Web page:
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January 29, 1910


JAMA. 1910;LIV(5):380. doi:10.1001/jama.1910.02550310048006

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In planning the fourth Automobile Number of The Journal for our issue of April 9, we recognize that the attitude of the physician toward the motor car is no longer one of hesitation and doubt, but that the automobile has been classed as a part of the physician's equipment, to be procured if his business will warrant it. A careful physician buys an automobile either because, after careful contemplation, he figures that the automobile as a business investment will bring him in sufficient revenue to justify its purchase, or else because he knows that he can afford it as a luxury and feels that he is entitled to introduce a little more pleasure into his busy life.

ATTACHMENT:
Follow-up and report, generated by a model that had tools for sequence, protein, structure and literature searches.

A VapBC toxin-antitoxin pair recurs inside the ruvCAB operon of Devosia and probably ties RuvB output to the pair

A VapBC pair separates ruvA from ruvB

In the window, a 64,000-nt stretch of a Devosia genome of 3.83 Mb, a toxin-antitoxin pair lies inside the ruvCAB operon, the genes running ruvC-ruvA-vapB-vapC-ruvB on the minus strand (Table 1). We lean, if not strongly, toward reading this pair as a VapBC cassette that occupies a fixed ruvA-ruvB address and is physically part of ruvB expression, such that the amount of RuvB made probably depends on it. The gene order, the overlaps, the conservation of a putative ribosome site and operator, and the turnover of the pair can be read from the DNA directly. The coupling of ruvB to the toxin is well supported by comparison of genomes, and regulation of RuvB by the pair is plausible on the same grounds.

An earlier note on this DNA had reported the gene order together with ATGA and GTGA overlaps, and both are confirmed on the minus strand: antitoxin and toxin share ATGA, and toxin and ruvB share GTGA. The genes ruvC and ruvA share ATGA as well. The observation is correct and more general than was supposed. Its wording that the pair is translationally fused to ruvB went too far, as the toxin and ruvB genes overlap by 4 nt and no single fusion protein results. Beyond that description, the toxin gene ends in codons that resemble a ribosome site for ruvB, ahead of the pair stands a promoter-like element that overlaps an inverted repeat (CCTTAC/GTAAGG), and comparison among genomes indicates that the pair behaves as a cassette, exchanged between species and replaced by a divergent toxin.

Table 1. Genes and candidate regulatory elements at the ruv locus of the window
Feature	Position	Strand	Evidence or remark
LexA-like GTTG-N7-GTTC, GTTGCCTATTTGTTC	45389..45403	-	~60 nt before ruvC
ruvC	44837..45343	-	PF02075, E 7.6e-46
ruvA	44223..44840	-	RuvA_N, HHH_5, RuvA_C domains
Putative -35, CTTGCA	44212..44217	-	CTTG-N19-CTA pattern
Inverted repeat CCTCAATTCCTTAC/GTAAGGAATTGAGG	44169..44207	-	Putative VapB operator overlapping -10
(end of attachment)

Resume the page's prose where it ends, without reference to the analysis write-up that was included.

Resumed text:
Automobiles have settled down to a fairly definite standardization. Perhaps one of our correspondents does not put it too strongly who says: "There was no car made in 1909 so poor as the

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